Raiders

Khalil Mack missing as Raiders mandatory minicamp begins

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AP

Khalil Mack missing as Raiders mandatory minicamp begins

ALAMEDA -- Khalil Mack isn’t in the Bay Area, wasn’t present Tuesday to begin the Raiders’ mandatory minicamp, and isn’t expected for any part of the three-day session.

That decision’s part of Mack’s decision to skip the team’s offseason program while waiting for a big-money contract extension. He missed the strength and conditioning workouts and OTAs. Those sessions were voluntary.

This minicamp is not. The offseason program’s capper is mandatory, which officially makes Mack a holdout.

Raiders head coach Jon Gruden isn't thrilled about it, but he isn't losing sleep over Mack missing three practices in June. He would, however, love to see him working in Paul Guenther's defense. 

"One of the big reasons I came here was to coach that man," Gruden said Tuesday afternoon. "I don’t want to speculate. There are several guys around the league in similar situations. We’re trying to resolve it as soon as possible and, in the meantime, coach the players that are here."

The Raiders can fine him for missing the entire minicamp, though fines are levied at team discretion and can be erased down the line if they are given.

While Gruden wouldn't discuss whether the Raiders would fine Mack, such financial penalties won’t be a significant issue for either side. Mack and the Raiders want to work out a contract extension this offseason. Total compensation is obviously the sticking point. Mack could easily set the market for defensive players. NFL Network reporter Steve Wyche said earlier this offseason he was looking for $65 million guaranteed – Von Miller got $70 million guaranteed from Denver two years ago – on what could be a nine-figure contract.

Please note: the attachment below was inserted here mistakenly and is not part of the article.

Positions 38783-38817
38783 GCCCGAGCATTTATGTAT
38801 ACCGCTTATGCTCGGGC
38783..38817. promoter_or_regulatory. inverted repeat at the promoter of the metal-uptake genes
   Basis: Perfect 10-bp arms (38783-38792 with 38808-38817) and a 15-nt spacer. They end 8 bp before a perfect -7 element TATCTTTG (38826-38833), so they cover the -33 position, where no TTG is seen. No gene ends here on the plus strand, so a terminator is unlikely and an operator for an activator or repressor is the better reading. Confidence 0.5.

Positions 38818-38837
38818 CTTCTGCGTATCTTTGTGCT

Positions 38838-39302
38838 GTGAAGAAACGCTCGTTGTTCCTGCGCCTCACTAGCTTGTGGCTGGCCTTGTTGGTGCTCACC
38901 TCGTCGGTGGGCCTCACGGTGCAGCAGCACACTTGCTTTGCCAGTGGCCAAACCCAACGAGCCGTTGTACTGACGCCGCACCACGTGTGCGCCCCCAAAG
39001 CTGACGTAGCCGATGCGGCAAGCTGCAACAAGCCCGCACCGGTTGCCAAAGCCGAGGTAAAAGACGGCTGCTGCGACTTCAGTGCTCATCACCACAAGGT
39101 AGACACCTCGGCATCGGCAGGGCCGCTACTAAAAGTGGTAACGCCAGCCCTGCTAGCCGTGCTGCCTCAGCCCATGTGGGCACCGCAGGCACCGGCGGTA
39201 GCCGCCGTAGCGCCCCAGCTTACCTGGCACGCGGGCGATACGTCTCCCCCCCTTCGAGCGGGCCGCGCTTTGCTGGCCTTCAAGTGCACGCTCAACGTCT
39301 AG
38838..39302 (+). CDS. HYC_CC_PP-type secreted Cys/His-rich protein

The Raiders budgeted for Mack’s big payday, but are trying to find a balance and way to pay him, quarterback Derek Carr and several high-priced offensive lineman while maintaining a level of future financial flexibility under the salary cap.

Mack is currently under contract, set to make $13.84 million under a fifth-year team option available for first-round draft picks. It if fully guaranteed.

Mack doesn’t want to risk injury in an offseason practice. If he suffers a serious injury, the mega deal could vanish before his eyes.

Los Angeles Rams defensive tackle Aaron Donald is in a similar position, choosing to skip offseason work looking for a new deal. The first player in this pair to sign could set a market the other could exceed, creating a slow play that might impact the timing of both deals.

The Raiders hope Mack signs before training camp starts in late July. Both Carr and right guard Gabe Jackson signed in the dead period between the offseason program and training camp.

It’s uncertain if Mack’s deal will get done in time. While he hasn’t been part of the Raiders offseason program under new head coach Jon Gruden and defensive coordinator Paul Guenther, there’s no doubt he remains in excellent shape. Guenther said he’ll have a plan to catch Mack up once he arrives, especially after missing so much scheme installation. Mack’s absence isn’t a serious concern at this stage, but that could change if the stalemate carries well into training camp.

His presence is missed by teammates, but they know prime Khalil Mack will be ready when he returns. 

"He’s taking care of his situation, and we respect it," safety Karl Joseph said. "The other guys have done a good job learning the system, but you can’t replace a guy like Khalil. When he’s ready to come back, we’ll be ready for him." 

Brandon LaFell out for Raiders' 2018 season with torn Achilles tendon

Brandon LaFell out for Raiders' 2018 season with torn Achilles tendon

Brandon LaFell’s season is over, and now the Raiders need another wide receiver.

Because of course they do.